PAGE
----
And then. All of the BR1 Pros, over their cellular connections, create a VPN tunnel to the Fusion Hub. And once they’re connected, OSPF on the Fusion Hub kicks in and shares all of the subnets with all the other routers. So immediately, so long as you’ve got a cellular connection, you can route between all of the radios.

That’s brilliant. And then, With the Doodle Labs radios connected on the WAN interfaces. Again, we use OSPF, so that the routers were sharing their LAN subnets over the WAN as well. You’ll see that actually the top BR1 there, which is the BR1 used by the follow car, actually has the radio on the LAN, and you might wonder why that is.

This was purely because of time and operational benefit to doing it this way. If there was more time and if I could have attended on site, I would have gone, I would have connected that follow car BR1 via its WAN interface. And I would have statically assigned all of the WAN IPs. But, I knew that if I designed the network this way, with the smart radios on the LAN of that top BR1, I would have some benefits.

And the primary one was, anybody could plug this together following an easy guide, and as soon as the smart radio is connected, they would get a DHCP IP address from that follow car, and the WAN IPs would get automatically assigned, and it would connect and work. Now that Isn’t guaranteed if you have to statically assign things and if you have to rely on people to have laptops with with ethernet ports and all that sort of stuff So this was the lowest risk operationally as a way to do this from a topology perspective if We could have prepped it all in advance Fully and run it up on a workbench and tested it and make sure it worked Then we probably would have statically assigned all of the wan ips And gotten rid of the the need for DHCP So what’s the benefit of this configuration?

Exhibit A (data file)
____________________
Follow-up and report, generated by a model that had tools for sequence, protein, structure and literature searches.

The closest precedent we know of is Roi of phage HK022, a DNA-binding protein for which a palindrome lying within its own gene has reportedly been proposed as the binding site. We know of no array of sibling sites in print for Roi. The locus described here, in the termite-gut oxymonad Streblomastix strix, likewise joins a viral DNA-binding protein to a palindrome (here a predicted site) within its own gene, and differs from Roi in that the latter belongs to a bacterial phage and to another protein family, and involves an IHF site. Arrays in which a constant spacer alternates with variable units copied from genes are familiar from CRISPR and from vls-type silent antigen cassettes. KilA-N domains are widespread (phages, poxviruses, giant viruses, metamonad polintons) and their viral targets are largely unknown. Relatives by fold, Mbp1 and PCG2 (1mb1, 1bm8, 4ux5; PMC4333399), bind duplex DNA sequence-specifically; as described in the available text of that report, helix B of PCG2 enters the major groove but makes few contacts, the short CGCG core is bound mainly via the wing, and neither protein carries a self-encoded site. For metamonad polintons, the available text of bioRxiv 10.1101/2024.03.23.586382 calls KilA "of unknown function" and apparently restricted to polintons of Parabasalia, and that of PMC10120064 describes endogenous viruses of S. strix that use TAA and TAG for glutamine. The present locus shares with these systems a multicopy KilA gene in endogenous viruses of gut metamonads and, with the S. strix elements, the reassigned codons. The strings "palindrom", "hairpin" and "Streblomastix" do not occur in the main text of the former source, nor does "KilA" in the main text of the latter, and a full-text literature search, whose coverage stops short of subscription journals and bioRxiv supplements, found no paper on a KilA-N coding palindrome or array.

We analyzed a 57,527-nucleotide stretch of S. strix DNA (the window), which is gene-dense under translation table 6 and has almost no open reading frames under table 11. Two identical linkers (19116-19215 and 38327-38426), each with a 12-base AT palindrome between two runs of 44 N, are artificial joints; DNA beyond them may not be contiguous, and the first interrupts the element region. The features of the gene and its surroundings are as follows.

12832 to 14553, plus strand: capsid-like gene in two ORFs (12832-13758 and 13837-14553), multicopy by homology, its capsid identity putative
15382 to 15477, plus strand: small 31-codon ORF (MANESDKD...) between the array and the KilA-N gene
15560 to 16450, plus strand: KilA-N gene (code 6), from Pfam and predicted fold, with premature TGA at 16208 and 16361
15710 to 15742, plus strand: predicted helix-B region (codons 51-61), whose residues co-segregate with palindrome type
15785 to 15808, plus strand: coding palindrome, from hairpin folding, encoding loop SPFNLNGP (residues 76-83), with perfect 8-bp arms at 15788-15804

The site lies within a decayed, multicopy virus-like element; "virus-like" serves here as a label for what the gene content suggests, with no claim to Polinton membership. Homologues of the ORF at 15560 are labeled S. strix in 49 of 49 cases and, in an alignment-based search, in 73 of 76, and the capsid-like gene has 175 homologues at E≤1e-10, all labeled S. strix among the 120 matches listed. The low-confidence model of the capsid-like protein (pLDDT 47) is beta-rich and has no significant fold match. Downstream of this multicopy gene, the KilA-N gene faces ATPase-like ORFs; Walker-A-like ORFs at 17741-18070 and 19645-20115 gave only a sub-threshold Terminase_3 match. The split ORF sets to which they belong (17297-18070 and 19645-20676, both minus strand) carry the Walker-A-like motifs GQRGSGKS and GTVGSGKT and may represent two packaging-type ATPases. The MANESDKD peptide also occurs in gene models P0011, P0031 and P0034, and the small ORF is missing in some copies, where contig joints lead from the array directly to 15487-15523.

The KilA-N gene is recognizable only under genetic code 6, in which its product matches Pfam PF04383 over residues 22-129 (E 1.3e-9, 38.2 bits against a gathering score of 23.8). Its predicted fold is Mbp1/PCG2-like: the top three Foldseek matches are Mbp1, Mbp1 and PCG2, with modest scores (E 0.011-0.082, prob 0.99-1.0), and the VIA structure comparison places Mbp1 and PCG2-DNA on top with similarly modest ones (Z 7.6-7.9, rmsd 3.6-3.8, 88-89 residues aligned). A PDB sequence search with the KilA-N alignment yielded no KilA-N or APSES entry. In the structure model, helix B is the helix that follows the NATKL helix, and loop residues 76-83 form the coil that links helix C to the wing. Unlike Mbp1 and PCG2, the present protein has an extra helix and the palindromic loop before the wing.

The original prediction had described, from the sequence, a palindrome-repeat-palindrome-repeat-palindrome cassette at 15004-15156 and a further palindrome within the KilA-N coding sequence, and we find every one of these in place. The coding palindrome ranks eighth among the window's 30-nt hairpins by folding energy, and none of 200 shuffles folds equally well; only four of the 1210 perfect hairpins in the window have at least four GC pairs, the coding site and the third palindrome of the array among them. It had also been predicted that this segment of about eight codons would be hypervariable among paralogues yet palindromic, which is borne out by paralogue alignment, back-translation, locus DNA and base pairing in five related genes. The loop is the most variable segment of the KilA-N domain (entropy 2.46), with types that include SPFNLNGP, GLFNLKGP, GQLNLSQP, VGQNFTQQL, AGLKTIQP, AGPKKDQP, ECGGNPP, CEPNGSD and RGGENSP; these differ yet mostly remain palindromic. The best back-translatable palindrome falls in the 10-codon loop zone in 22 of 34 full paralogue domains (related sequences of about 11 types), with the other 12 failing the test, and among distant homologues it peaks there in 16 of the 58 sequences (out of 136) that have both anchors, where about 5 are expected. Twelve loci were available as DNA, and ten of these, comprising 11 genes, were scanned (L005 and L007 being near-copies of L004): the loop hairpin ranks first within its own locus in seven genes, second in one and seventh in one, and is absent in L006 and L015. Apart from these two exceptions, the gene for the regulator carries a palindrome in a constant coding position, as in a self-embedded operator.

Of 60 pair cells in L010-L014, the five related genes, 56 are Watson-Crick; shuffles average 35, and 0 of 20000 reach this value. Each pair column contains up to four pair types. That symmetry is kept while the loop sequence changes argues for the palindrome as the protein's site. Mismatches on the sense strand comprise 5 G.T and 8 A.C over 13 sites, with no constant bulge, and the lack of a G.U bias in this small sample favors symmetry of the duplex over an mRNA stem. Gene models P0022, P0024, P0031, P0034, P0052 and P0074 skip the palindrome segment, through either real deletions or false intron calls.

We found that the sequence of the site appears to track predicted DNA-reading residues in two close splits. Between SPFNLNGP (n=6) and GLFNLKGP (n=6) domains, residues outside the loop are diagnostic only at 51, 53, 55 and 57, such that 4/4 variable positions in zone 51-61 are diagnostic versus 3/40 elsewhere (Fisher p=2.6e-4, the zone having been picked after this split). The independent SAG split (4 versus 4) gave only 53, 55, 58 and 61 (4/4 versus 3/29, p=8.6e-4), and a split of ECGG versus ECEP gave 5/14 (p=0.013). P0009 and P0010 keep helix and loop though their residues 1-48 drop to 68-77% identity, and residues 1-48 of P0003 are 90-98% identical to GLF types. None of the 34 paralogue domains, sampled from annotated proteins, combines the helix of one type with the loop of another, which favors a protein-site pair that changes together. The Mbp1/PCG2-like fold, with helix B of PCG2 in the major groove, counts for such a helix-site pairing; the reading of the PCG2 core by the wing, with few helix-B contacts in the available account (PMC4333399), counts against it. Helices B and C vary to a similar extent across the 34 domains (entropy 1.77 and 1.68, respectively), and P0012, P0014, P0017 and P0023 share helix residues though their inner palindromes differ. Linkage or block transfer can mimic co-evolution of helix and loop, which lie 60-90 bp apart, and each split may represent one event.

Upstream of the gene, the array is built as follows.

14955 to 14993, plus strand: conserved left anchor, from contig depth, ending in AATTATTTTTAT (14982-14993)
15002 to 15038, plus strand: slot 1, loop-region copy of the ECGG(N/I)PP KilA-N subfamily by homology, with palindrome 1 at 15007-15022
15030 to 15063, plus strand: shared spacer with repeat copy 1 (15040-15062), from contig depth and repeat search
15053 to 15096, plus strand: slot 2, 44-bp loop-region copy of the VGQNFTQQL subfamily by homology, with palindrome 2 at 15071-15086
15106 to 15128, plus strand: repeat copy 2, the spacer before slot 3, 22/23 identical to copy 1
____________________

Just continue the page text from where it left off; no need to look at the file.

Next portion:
It’s it means that we are re relying on OSPF to do all of the routes and, and the learning, which is the learning of the route, which is brilliant. And the remote devices can connect to the internet via the follow car BR1 because if that BR1 has got cellular, or indeed if it was plugged into starlink, if that was available, traffic from the.

Vehicle LANs could pass over the mesh and get to the internet even when the vehicle LAN the vehicle routers don’t have active cellular connections so really neat and it worked very well and it meant that they had reliable video and control over the cameras and audio and talk back and all those sorts of things between the vehicles which ultimately meant that the project was successful and The show went ahead, they got the footage they needed, and if you’ve seen it, it was actually pretty good, I thought.

It’s always fun to see these guys play in their cars, that’s for sure. So this is one of the things we do event telecom, it’s interesting projects in interesting places with interesting people. And it’s, it’s projects that let us test technology in new ways, and see if we can find the best way to enable that.

The features needed to deliver your service, whatever that might be, whether it be teleoperation autonomy of of robots and vehicles, or indeed, unmanned vessels.

And this is what we do at Venn telecom. We do interesting work in interesting places with interesting people. So if you’ve got something interesting, and it involves connectivity, and it’s perhaps somewhere interesting. Then give us a call and we’d love to help you and see how we can improve Your connectivity to make your project work, too Thank you.